Teacher resources and professional development across the curriculum

Teacher professional development and classroom resources across the curriculum

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Teaching Multicultural Literature : A Workshop for the Middle Grades
Workshop 1 Workshop 2 Workshop 3 Workshop 4 Workshop 5 Workshop 6 Workshop 7 Workshop 8
Workshop 1: Engagement and Dialogue
Authors and Literary Works
Video Summary
Teaching Strategies
Carol O'Donnell
Valerie Kinloch
Sonia Nieto
Student Work
Interactive Workbook -- Explore two poems using strategies from these workshops. Go.
Channel-Talk -- Share your views on the discussion board. Go.

Valerie Kinloch
Assistant Professor
Teachers College, Columbia University

Comment on Carol's approach to multicultural literature.

What we need to really understand is that there is no one way to teach multicultural education, or to get students involved in a critique of multicultural texts. What's important is to approach the teaching by looking at who is being taught, and how their voices need to be a part of the larger conversation.

Starting a unit by inviting students into a discussion of identity, by looking at the poems and then leading into a larger discussion of various texts, is really provocative. And I think that was an initial way to get students in -- to actually hear student voices, and for them to understand that this is a class about them, a community of learners looking and investigating and critiquing identity in order to do a final project that requires them to write and share their own stories.

What do you see as the role of the census video in this unit?

Carol talks about inclusivity, and how all of those different identity categories are not clearly represented in any census. I think the larger point there is, how are we to understand identity as something that's not fixed or singular? I think something the video (Matters of Race) does is to enhance people's understandings or misunderstandings of identity. Do we fill out this form and categorize ourselves as this thing that's on this form? Or do we do a larger, deeper, more meaningful exploration of who we are? When she enters the text and the discussion of James McBride's book, behind the story is the idea that there's no one way of talking about James's mother or James himself. This person represents this larger issue in society where we talk about identity by not talking about the complexities of identity. As they enter into James McBride's text, they're able to go back and say, "Hmm, how would James himself, or how would James's mother fit into this larger issue of identifying oneself based on national standards, based on this form, based on data that's collected?"

Comment on the use of historical documents in this unit.

The historical documents play a central role in students' understanding of issues of multiculturalism -- issues of race, culture, class, gender, sexual orientation, religion. Students are able to engage in history at the same time that they are able to understand how this history informs their understanding of the various literary works they're reading and investigating, and will eventually write about.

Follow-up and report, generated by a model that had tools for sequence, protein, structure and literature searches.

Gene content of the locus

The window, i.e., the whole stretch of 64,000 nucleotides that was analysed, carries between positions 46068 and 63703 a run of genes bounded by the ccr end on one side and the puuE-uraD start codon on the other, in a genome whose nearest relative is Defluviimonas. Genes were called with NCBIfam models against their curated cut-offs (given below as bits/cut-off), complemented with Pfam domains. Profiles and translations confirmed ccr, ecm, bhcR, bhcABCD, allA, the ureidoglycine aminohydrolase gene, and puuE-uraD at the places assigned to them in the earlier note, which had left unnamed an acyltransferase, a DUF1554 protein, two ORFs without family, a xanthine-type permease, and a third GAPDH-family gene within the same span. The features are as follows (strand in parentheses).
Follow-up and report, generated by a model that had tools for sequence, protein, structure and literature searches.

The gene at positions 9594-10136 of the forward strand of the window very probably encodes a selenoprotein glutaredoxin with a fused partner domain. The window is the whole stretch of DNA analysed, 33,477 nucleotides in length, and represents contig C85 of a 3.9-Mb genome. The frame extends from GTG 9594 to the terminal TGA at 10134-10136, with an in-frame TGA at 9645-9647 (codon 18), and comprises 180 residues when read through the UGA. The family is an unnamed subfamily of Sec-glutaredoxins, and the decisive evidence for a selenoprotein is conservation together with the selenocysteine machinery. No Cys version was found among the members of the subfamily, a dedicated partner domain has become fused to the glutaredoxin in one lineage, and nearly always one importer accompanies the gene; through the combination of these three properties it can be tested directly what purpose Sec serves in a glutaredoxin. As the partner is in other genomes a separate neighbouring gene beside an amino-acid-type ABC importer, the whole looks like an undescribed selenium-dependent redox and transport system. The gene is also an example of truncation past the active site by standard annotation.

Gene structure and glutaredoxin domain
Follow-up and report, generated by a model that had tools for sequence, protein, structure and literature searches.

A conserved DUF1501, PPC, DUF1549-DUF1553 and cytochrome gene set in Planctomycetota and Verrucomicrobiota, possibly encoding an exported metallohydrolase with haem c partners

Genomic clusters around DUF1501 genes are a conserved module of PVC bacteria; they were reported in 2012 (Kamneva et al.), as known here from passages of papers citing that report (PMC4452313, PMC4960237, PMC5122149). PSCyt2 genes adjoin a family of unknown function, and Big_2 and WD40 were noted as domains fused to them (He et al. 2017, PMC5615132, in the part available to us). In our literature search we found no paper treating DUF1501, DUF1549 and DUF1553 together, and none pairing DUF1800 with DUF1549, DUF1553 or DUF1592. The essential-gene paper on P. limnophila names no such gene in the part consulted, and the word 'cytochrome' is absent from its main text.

What is your advice for teachers unfamiliar with multicultural literature?

My advice for teachers interested in using and incorporating multicultural texts inside of the classroom is to get to know the students, to understand their lives, to invite them to write about themselves, and to take that information and use it as text with which to enhance and inform their approach to teaching multicultural literature.

Also be aware of how students already have a voice, so we don't have to teach them how to have a voice. I think we need to teach them how to enhance the voices that they already have in ways where they can look at the literature as example.

What can teachers do to prepare for a unit on multicultural literature?

I think one of the best resources for teachers to go to is the surrounding community. If you're looking at a particular culture or race or religious practice, of course, doing library research is important, but even more important is to use the community as a resource. What sites in the community, what organizations in the community cater to your investigation, cater to your interest in multicultural literature? And how can you make use of the community as a resource in your planning, in your preparation?

Teachers can look to professional development seminars that cater to multiculturalism in education, the various books that are published on issues of cultural differences. I think we have to somehow make room in our teaching lives to grapple with these ideas, to talk with other people on staff who may know more than we do about a particular topic or group or culture, and then find ways to enhance our lessons.

How might a teacher cope with the politically sensitive nature of discussions of race and ethnicity?

One way to do that is by just getting students to read these various texts and getting students to really grapple with the ideas presented in these texts. I think another way to engage this concept of exploration of identities and student understanding of identities is by going back to the historical documents that Carol uses in her classroom. The historical documents are rich opportunities for students to look at the different issues going on in society during particular moments, but also for them to look at how identities are thought of during, across, beyond different time periods. Having historical documents inside of a conversation about multicultural education and multicultural literature enhances how students are learning to define identity across the dualities or the multiplicities of labels.

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